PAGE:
Wednesday, December 31, 2008

Merry Christmas from San Carlos

Merry Christmas from San Carlos. Gosling has been alongside at Marina San Carlos for the past 2 days. We decided to come in to get the remainder of the work done before leaving for the Baja side.
After arriving from Guaymas we had a busy week working on a number of items but life at the buoy was tedious. Trips ashore invariably turned into half-day events where little progress was being made onboard but, on the other hand, were socially rewarding. After all, this is Christmas week. The main event of the week was the Christmas dinner given at the Yacht Club. For 80 pesos (approx $8 Can) we had a great lunch and lots of Christmas atmosphere, almost as good as we would have had at CFSA but without the white stuff outside..... We teamed up with Doug and Trish (Ka-Em-Te), Gil and Lexie (Sunday) , a British couple off of Fantasia and our old friends Lin and Lee from Royal Exchange who have arrived to complete the preps on their boat after an 18 month delay.
It was nice to see Lin and Lee again and recall our adventures together for the four months we sailed in Royal Exchange 2 years ago and which were the incentive that caused us to take the big step of doing it on our own.
The cruising population here is very transient at the moment with new people arriving daily to rejoin their boats, and others leaving their boats and heading north to be with family for the holidays. A few are heading south already but the majority prefer to remain here enjoying a much chillier San Carlos for a few more days or weeks. Although we still have nice sunny and warm days the nights are quite cool dipping into the mid 40’s F.
The main reason we have come into the marina is to have our batteries changed out. They were ordered on Saturday and are supposed to arrive on Monday. Trish has been helping us install the windlass and if all goes well that should be completed on Monday as well. The installation of the windlass has not been as easy as the instructions make it out to be. There had to be a few modifications made to accept the components and we found out that the 2/0 cables were too stiff to be wired directly to the windlass. Luckily Trish has some smaller, more flexible cables that we will be able to complete the job.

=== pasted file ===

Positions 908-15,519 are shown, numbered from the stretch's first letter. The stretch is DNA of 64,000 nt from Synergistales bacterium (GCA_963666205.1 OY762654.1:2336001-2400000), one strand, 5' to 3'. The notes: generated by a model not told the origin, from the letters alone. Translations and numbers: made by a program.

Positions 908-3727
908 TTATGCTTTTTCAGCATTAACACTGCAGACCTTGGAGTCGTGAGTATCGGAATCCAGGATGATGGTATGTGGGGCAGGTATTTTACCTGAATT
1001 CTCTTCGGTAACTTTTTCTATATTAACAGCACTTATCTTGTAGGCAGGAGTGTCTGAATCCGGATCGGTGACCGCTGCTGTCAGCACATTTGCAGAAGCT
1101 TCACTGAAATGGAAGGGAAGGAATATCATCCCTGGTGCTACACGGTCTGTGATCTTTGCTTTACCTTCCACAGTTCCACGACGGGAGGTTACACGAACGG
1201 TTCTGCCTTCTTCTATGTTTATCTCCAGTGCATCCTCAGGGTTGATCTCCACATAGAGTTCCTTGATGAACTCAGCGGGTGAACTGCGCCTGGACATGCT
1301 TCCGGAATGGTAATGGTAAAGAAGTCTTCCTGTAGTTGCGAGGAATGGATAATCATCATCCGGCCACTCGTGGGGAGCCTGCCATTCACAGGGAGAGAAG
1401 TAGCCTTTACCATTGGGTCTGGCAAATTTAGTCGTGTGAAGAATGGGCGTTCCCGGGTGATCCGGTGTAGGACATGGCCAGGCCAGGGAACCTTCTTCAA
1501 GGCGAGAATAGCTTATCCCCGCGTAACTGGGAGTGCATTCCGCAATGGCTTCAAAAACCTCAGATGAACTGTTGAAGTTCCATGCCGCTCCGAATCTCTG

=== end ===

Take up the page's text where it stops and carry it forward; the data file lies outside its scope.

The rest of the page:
With any luck we should be good to go by Tuesday or Wednesday. We are still experiencing Northerly winds so it should be a good sail to the other side. During the past few days it has been quite blustery with Northwest winds gusting to 30 kts in the anchorage. We managed to get to the dock before the wind developed on Friday and Fran did a nice job of driving Gosling alongside. Keith Hanna would have been proud.
Rosie has been very thankful for the opportunity to go ashore anytime she wants to and do her business and play ball. She has another puppy pal, Cortez, a Peekapom, the same age actually that belongs to Greg and Julie of Seafire, a boat from Nanaimo. It is really cute to see the 2 of them playing in the parking lot.
Tuesday, 30/Dec
This will be a late post as we are now dependent on a few local bars for our internet.
The Windlass is in and working and the batteries have arrived and are onboard. They will be installed tomorrow. We had planned to leave tomorrow but after considering that we would be far away from anyone on New Year’s Eve we decided to stay another day and enjoy the festivities. Our revised departure date is now New Year’s Day so Happy New Years all.

Monday, December 22, 2008

Back to San carlos for Christmas

We are finally away from the noise of downtown Guaymas. We had planned on departing early in the week but delays with the mechanic and adjustments to the freezer took longer than expected. We finally cast off on Saturday and headed up to San Carlos. Had we left a few days earlier we would have been able to sail up, however, we had to slog up the coast with 18-25 kt headwinds. A big engine is an asset in those conditions and we were able to make headway despite the wind and 3-4 ft seas covering the 19 miles in just less than 6 hours.
We have rented the buoy from our German friends, Elka and Uva from Marina Seca, Guyamas. It took us 4 attempts to tie up to the buoy but it was worth the effort. It certainly takes the worry about dragging anchors, besides; the windlass is this week’s project.
During our stay at the Singlar marina we met Ron and Pattie (and Matie, the dog) from California in Bagabundo, an Offshore 40. We were really impressed with the design and comfort level built into this boat.
Since we arrived we have continued to work on projects. J-G’s priority is the wiring for the windlass. He is finding it quite a challenge to access areas to pass the wires behind cupboards that require hours of disassembly. Once accessed there is usually another task that should be done before access is closed, in this case it was replacing bolts holding down a pad eye.